Libraries always interest me and I was delighted to discover that an old railway warehouse which had fallen into disrepair has been renovated, retaining many of the building’s original features and is now the university library.
We then slowly made our way back up to the historic Cathedral Quarter passing the wonderful High Bridge which was built around 1160 and is the oldest bridge in the country to still have buildings in use on it.
Having returned to the top of Steep Hill we were ready for some lunch and spotting the quaint Bells Tea Shop we knew we’d found the perfect place. Decorated in a traditional style with pretty little wall lamps fashioned from bone china tea cups and pastel coloured bunting hung across the rear wall it had a cosy feel.
We ordered afternoon tea, a quintessential English classic, and our three tier cake stand arrived filled with a selection of sandwiches, homemade cakes, scones, jam and clotted cream all served on pretty Cath Kidston crockery. We tried our best, but couldn’t possibly manage to eat it all, but as it was all so delicious, we asked for cake boxes to enjoy the remainder later in the evening when we got back home. Bells is a family run business with friendly service and where nothing seemed to be too much trouble, even making fresh pots of tea for us as we tucked into our huge scones. It’s definitely worth the hike up Steep Hill to get there and not expensive either, give me small independent cafes like this any day over the large chains!
Fortunately, I found a small shopping bag buried in the bottom of my handbag, so we carefully placed the cake boxes inside it before setting off to visit another of Lincoln’s museums.
Located about a ten minute level walk from the Cathedral and slightly off the tourist trail is The Museum of Lincolnshire Life housed in a former Victorian barracks dating from 1857. The museum offers free entry and is open daily 10.00 – 4.00 p.m. It covers the social history of Lincolnshire from 1750 to more recent times.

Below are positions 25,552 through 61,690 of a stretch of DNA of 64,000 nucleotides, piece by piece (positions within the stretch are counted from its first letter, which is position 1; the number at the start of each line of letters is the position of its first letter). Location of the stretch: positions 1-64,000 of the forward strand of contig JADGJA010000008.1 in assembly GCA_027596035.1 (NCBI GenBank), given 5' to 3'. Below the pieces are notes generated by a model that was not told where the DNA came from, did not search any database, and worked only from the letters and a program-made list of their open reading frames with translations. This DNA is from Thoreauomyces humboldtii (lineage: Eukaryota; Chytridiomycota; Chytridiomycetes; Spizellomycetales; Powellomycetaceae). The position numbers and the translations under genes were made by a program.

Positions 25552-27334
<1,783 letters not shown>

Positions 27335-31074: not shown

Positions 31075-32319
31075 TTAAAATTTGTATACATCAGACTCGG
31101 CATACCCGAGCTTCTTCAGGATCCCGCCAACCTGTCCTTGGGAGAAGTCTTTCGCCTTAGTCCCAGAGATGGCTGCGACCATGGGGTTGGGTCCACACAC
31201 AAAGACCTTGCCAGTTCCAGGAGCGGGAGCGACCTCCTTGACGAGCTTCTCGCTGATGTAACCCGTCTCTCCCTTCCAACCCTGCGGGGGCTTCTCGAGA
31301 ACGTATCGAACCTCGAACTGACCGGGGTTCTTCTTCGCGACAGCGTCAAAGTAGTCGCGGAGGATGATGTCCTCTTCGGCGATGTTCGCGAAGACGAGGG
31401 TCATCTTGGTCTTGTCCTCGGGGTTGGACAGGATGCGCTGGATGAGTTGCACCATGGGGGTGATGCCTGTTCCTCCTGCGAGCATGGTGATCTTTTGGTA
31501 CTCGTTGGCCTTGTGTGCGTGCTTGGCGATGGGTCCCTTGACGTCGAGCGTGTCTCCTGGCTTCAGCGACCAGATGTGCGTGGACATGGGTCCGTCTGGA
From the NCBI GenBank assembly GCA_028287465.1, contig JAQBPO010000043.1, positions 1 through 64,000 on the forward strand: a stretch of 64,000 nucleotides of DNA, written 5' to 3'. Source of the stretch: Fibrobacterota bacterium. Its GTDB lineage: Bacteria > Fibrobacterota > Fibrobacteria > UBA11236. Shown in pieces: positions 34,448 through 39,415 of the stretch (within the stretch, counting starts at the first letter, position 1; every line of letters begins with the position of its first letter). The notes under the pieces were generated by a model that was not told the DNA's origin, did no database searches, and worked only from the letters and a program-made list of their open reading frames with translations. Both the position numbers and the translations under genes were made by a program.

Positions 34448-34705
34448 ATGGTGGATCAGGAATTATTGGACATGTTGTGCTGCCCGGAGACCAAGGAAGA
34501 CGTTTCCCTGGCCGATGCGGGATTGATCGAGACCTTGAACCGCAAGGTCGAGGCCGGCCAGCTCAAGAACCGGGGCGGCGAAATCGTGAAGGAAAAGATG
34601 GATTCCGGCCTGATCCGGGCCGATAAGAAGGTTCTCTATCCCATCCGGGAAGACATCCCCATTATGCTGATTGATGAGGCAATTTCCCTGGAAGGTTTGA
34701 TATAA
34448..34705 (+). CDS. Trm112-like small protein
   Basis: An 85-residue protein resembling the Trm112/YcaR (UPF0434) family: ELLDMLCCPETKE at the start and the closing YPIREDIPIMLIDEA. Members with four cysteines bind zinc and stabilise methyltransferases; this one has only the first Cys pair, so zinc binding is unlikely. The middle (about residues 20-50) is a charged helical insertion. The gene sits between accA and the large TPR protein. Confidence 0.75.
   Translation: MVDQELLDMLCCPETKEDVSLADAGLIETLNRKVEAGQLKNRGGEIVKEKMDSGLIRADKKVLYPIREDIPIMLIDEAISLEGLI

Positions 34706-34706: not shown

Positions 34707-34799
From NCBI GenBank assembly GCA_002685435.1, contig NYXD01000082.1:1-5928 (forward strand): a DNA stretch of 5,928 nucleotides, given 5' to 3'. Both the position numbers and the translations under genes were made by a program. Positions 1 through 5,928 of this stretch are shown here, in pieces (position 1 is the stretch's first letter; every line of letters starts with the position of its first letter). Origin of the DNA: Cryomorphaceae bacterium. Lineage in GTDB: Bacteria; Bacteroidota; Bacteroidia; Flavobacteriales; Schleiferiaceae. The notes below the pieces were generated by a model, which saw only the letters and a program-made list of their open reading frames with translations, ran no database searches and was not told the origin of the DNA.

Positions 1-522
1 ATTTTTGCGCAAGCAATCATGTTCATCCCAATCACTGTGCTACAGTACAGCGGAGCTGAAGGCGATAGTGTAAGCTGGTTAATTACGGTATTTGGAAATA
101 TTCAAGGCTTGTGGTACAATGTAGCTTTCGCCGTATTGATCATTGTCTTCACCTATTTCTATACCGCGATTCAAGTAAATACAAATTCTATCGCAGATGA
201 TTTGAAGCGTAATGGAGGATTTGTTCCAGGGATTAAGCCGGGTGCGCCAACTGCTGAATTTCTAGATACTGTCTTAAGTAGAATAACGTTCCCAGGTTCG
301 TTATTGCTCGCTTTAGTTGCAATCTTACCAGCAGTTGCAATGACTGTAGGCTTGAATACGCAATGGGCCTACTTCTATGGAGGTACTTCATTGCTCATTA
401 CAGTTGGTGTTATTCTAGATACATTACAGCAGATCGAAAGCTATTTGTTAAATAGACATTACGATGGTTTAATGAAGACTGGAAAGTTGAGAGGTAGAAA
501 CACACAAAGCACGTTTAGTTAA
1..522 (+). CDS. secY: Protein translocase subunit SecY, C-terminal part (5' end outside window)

In one building, rooms are set out as various shops, a print-works, school room and a post office. A larger exhibition hall displays a wide range of vehicles including trains, farm machinery and a WWI tank. There’s also a children’s playground, cafe and shop. It was much bigger than we were expecting and we must have spent at least an hour looking around the interesting exhibits.
Our weekend in lovely Lincoln was coming to a close but we still had time for a wander around Bailgate, the level area at the top of Steep Hill beyond the Cathedral and castle. Bailgate has a village-like feel with its small, locally run shops including a bookshop, bakers and butchers.
The butchers caught my eye as I noticed a board in its window indicating that Redhill Farm Shop supply both Lord’s Cricket Ground and Silverstone so I thought it must be something special and popped in to take a look at its array of free range meat and tasty pork pies. Needless to say, we returned home with some of their Lincolnshire sausages (rated one of the top three sausages in the UK) and a piece of Lincolnshire Haslet as we’d never tried it before. Laden with our shopping, we collected our luggage from the hotel and sadly bade our farewell to historic Lincoln, a wonderful hidden gem of English cities.
During our stay in Lincoln we were guests of Visit Lincoln and as always, all views and opinions are entirely my own.